ICRC: International Day for the Elimination of Sexual Violence 2021

ICRC: International Day for the Elimination of Sexual Violence 2021

Article 19 June 2021

The ICRC works to eliminate sexual violence in armed conflict, detention and other situations of violence.

We do so by engaging in high-level humanitarian diplomacy, addressing root causes and maintaining dialogue with arms carriers to prevent incidents of sexual violence. The means to achieve this is by ensuring that victims/survivors have access to all necessary services, and offering quality assistance and protection services to victims/survivors when possible.

In addition, we work with individuals and their communities to strengthen their resilience and mitigate risks of such violence.

In essence, the ICRC adopts survivor-centred and evidence-based approaches, and ensures holistic needs are met through multi-disciplinary coordination and understanding of the intersectional factors that inform a victim/survivor's needs.

In 2015, the United Nations proclaimed June 19 as the International Day for the Elimination of Sexual Violence in Conflict, aiming to "raise awareness of the need to put an end to conflict-related sexual violence, to honour the victims and survivors of sexual violence around the world, and to pay tribute to all those who have courageously devoted their lives to and lost their lives in standing up for the eradication of these crimes."

Today, many parts of the world are still experiencing the impact of COVID-19 pandemic, which has exacerbated sexual and gender-based violence against individuals and communities, both in non-humanitarian and humanitarian contexts.

In conflict-affected areas, where services and dedicated funds were already limited, the pandemic has worsened an already challenging situation – both in terms of an increase in incidents of sexual and gender-based violence (SGBV) and of making sure that survivors get the help they need.

Evidence on the COVID-19 pandemic's impact on the prevalence and patterns of sexual violence in conflict and other situations of violence (where used by weapons bearers, or in nexus to the conflict) is still scarce and reports in some settings have even declined.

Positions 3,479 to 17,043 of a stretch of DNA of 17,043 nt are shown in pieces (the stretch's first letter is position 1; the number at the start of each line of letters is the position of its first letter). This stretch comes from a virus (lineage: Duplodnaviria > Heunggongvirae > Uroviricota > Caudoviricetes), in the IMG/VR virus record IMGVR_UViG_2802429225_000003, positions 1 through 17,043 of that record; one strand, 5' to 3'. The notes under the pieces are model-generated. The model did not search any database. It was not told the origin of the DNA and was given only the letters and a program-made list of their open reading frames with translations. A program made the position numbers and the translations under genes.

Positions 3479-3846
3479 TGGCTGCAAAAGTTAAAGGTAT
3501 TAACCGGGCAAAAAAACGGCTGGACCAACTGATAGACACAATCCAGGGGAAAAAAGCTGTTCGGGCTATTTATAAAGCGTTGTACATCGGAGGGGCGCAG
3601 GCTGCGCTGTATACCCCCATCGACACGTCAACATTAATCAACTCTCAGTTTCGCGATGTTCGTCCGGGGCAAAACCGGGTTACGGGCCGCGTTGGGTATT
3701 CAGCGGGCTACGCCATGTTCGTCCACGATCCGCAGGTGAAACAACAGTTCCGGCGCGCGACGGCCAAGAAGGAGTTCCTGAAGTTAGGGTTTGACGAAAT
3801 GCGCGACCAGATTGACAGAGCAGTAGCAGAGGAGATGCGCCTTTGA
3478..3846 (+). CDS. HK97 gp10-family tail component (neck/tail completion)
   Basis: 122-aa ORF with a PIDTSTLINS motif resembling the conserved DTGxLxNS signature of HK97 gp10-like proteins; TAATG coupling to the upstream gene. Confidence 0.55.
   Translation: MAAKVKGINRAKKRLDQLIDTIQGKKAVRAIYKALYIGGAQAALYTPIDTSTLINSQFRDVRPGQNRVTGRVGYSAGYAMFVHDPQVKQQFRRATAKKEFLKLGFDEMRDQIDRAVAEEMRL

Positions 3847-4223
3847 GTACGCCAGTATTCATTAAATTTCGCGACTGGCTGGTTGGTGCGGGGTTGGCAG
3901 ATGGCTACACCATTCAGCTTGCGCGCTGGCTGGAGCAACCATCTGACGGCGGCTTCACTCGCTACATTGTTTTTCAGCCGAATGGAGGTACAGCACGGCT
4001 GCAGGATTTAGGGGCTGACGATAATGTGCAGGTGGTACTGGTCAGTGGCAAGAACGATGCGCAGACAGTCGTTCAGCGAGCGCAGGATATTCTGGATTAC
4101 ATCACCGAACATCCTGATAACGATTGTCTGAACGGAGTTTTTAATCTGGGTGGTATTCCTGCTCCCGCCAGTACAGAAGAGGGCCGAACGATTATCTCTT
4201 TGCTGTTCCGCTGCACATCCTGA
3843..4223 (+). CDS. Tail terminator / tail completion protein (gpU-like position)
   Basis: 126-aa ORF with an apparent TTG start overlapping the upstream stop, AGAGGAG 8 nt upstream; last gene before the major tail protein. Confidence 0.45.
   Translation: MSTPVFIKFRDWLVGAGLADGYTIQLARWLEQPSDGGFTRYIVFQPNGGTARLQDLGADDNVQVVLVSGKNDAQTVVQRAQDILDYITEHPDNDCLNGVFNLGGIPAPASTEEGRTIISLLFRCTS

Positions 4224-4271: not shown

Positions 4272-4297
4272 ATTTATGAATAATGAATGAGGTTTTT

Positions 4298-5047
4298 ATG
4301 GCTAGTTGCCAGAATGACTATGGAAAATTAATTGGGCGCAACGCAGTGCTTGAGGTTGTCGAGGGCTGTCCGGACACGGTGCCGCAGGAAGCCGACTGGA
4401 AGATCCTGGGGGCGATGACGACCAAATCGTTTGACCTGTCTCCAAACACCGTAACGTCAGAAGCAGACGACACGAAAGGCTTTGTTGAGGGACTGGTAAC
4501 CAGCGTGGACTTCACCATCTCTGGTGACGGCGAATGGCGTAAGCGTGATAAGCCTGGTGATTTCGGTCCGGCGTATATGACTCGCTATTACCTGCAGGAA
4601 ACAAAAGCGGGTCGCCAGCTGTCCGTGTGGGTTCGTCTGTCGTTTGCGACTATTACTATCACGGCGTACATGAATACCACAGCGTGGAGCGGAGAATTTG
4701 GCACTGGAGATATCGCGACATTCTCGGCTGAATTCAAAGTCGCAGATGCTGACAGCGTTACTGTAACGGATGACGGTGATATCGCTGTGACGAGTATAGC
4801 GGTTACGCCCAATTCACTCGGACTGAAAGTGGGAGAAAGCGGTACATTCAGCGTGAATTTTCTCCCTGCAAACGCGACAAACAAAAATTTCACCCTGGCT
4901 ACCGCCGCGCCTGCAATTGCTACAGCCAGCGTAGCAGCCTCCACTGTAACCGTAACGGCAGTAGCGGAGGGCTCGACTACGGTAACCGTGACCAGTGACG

These statistics do not mean that the violence is not happening, instead they show that the issue has become more invisible in conflict and other settings (including domestic violence), due to the pandemic's impacts on available services but also due to the reduced access to support services imposed by lockdown and social distancing.

Despite the enormous challenges, the pandemic must not become a reason to overlook the urgent needs of the victims and survivors. If anything, States and humanitarian actors need to redouble their efforts to ensure the provision of adequate health care for their needs – both physical and mental, but also access to economic, social and legal support.

In particular, measures should be taken to ensure that sexual violence prevention and response services are inclusive and accessible to all, boys, girls, men and women including the most vulnerable individuals, such as persons with disabilities, people deprived of freedom, migrants, etc.


We are committed to continue our efforts to prevent, respond and mitigate the impact of sexual violence, acknowledging that the needs of victims/surivors are now greater than ever.

To honor the survivors and victims of sexual violence, we need to recognise that there is much work to be done to support them, and we all each have a role, big or small, to eliminate sexual violence.

We can all contribute to prevent and respond to sexual violence, and we want to engage on it. Building up on our internal multi-disciplinary expertise, but also enhancing and empowering local communities, and finally working jointly with external humanitarian actors and local authorities.